Rogue Trooper Redux arrived on consoles (and Steam) yesterday, putting a fresh coat of blue paint on the Genetic Infantryman. That new skin has been met with middling reviews as there’s only so much polish you can put on games of a certain era. It’s only been 11 years since 2000AD’s comic came to life in Rebellion’s third-person shooter, but the genre has moved on so quickly that Rogue has been left behind. Here we put on our cyan-tinted glasses and look back fondly on 2006’s original.
For those unfamiliar with Rogue Trooper, the comic came from Judge Dredd’s birthplace: British sci-fi anthology 2000AD. In a far-off future, humanity colonised a new planet and simultaneously lost their ability to think creatively. As a result, two factions known as the Norts and the Southers re-enacted the American Civil War over Nu-Earth with chemical weapons, irreversibly poisoning the entire biosphere. This forced them to continue their spat but now wearing Chemsuits, which were bulky and hard to see in and gave them giant canister-shaped weak points on their back.
In an uncommon bout of lateral thinking, the Southers developed the Genetic Infantrymen – blue-skinned super soldiers capable of withstanding the toxic atmosphere in their bare skin. They then dropped the entire regiment into one battle, in The Quartz Zone, where they’re almost entirely wiped out because a traitor leaked the battle plans to the Norts. All except for one (and maybe a couple of others who turn up late in the comic’s original run) who goes rogue and is very much a trooper.
Having lost his best pals in The Quartz Zone Massacre, Rogue inserts their biochips – a chip that downloads the GI’s consciousness before death so they can be redeployed in a new body – into a slot in his equipment. And through a stroke of nominative determinism, Gunnar, Helm and Bagman each find fitting homes. Honestly, they’re called that before they die, there’s a cutscene and everything.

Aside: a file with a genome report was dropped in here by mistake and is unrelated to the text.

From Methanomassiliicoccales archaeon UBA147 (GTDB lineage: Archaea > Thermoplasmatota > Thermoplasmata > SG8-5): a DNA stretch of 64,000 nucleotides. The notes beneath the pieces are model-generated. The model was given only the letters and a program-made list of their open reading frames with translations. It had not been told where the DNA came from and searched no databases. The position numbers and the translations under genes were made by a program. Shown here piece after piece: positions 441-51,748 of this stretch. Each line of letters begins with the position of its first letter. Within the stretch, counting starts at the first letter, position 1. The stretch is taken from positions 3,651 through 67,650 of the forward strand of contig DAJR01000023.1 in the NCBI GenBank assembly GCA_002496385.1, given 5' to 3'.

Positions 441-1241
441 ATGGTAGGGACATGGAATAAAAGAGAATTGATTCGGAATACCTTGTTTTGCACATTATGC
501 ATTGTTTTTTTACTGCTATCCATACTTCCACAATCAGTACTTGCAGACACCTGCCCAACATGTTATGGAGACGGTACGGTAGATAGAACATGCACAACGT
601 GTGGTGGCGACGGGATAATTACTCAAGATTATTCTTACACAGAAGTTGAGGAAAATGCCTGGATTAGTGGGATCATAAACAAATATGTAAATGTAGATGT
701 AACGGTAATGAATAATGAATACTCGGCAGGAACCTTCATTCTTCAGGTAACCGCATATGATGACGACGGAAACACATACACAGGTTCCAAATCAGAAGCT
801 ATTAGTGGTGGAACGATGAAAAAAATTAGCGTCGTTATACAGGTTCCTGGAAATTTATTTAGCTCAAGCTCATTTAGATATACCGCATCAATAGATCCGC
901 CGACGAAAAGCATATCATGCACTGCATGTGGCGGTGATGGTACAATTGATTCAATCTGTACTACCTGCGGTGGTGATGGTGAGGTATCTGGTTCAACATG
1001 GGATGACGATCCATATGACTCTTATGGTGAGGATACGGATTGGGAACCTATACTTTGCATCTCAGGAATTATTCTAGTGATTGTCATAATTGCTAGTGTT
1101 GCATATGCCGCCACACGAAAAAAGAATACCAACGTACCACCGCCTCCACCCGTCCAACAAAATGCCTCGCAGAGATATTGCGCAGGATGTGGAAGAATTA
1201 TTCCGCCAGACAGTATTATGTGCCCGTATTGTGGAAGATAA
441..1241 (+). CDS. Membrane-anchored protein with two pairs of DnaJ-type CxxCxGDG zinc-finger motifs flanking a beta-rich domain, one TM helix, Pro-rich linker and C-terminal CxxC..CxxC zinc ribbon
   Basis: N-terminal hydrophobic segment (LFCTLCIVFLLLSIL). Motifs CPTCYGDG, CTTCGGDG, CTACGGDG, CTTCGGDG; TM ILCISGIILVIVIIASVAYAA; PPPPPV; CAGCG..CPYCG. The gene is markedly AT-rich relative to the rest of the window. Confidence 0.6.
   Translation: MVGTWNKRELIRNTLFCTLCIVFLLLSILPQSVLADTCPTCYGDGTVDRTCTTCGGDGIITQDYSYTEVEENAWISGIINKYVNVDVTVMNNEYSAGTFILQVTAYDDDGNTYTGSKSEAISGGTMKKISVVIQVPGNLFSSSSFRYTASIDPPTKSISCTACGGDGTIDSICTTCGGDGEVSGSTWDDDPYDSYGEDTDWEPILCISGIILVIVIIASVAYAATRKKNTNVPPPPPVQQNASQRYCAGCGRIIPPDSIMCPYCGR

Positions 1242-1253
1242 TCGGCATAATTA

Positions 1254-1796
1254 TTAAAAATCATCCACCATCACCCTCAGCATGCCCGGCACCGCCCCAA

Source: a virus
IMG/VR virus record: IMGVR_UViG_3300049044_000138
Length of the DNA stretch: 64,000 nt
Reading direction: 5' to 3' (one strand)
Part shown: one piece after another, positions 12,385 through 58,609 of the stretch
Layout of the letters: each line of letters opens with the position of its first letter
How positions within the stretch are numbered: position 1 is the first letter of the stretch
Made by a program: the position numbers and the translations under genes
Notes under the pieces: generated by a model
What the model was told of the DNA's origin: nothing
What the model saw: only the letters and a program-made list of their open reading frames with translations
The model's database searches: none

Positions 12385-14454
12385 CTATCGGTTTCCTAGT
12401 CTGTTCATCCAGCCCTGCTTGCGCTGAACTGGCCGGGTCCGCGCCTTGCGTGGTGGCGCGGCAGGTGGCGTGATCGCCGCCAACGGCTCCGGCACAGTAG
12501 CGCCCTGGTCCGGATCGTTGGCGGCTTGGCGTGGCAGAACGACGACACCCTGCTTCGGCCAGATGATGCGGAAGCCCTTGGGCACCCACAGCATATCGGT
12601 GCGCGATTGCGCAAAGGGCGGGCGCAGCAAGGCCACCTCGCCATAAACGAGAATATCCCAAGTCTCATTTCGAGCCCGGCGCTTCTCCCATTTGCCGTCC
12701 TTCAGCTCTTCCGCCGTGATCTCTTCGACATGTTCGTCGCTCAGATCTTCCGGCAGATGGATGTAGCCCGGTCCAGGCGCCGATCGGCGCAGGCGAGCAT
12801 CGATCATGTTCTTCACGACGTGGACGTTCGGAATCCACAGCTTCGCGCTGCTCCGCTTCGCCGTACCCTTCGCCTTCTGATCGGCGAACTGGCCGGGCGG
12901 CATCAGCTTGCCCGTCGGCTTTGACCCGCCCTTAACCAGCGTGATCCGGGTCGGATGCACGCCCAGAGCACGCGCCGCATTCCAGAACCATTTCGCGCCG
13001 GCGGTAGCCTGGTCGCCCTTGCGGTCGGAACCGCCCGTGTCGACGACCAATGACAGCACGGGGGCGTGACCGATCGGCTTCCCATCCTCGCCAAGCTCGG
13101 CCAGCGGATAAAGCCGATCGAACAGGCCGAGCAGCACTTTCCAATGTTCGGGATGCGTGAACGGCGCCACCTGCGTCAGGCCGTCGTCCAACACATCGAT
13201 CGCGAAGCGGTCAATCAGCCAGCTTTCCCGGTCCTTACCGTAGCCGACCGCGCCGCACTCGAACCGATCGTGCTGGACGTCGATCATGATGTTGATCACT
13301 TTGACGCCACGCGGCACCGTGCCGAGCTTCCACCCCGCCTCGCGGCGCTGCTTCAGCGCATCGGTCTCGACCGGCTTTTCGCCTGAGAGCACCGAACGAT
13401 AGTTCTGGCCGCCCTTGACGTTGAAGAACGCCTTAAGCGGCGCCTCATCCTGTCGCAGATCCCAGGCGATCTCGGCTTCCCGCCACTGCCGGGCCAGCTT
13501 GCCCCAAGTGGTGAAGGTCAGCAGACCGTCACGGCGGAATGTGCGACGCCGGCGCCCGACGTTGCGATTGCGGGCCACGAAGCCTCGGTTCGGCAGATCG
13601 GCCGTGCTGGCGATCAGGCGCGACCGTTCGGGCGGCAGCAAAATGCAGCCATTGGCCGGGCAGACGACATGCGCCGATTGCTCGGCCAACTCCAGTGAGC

The game itself is just as straightforward and literal as its source material, which is definitely not to its detriment. In the spring of 2006, the market was fresh for third-person shooters, prior to Gears of War’s original release in November and the subsequent rush to replicate its “Roadie Run”. This was before blocks of chest-high cover fortuitously littered every battlefield eliciting a groan of “well, I guess I’m gonna get into a big fight here then”.
In that space, Rogue Trooper was able to carve out a brilliant niche for itself; a thinking man’s shooter with a wide array of cool functions for Gunnar to morph into. Crafting, too, was a far-off concept and Bagman’s ability to turn collected Salvage into new upgrades was thrilling, if not revolutionary. There was a lot of game here with not much story getting in the way, and it was exactly what we wanted in the doldrums of early 2006.
Perfect Dark, the N64’s best shooter (do not @ us, GoldenEye stans), made waves with weapons far beyond its years. One of which, the Laptop Gun’s secondary fire Sentry Mode made it into Rogue Trooper’s arsenal as a key bit of kit. In a game where enemies acted intelligently in regards to seeking and driving you out of cover, Gunnar’s sentry configuration was indispensable.
Blind-firing around cover to force heads down, before using the grenade launcher attachment to flush them back out, the gunplay in Rogue Trooper was a great lungful of fresh air despite its poisonous atmosphere. But going back to the original (and the Redux, which appears to have changed nothing other than textures, so faithful an update it is) even this felt stale in the harsh light of 2017.
Rogue Trooper’s decade away from gaming left it perfectly preserved in time, like a dead GI in their cold Quartz Zone tomb. But there’s no denying its effect on the genre, even though it may be overshadowed within the same year by CliffyB’s monstrous Gears franchise. Even Gears felt the strain of cover-based third-person throughout its lifespan.
As a snapshot of what titles were offering to a pre-Next Gen era of gaming, Rogue Trooper was the zenith. Barely on the cusp of timeless, but still bearing all the hallmarks of its time. If you want to experience a little time capsule from 2006, get the original, the Redux does it no favors worthy of the extra $20.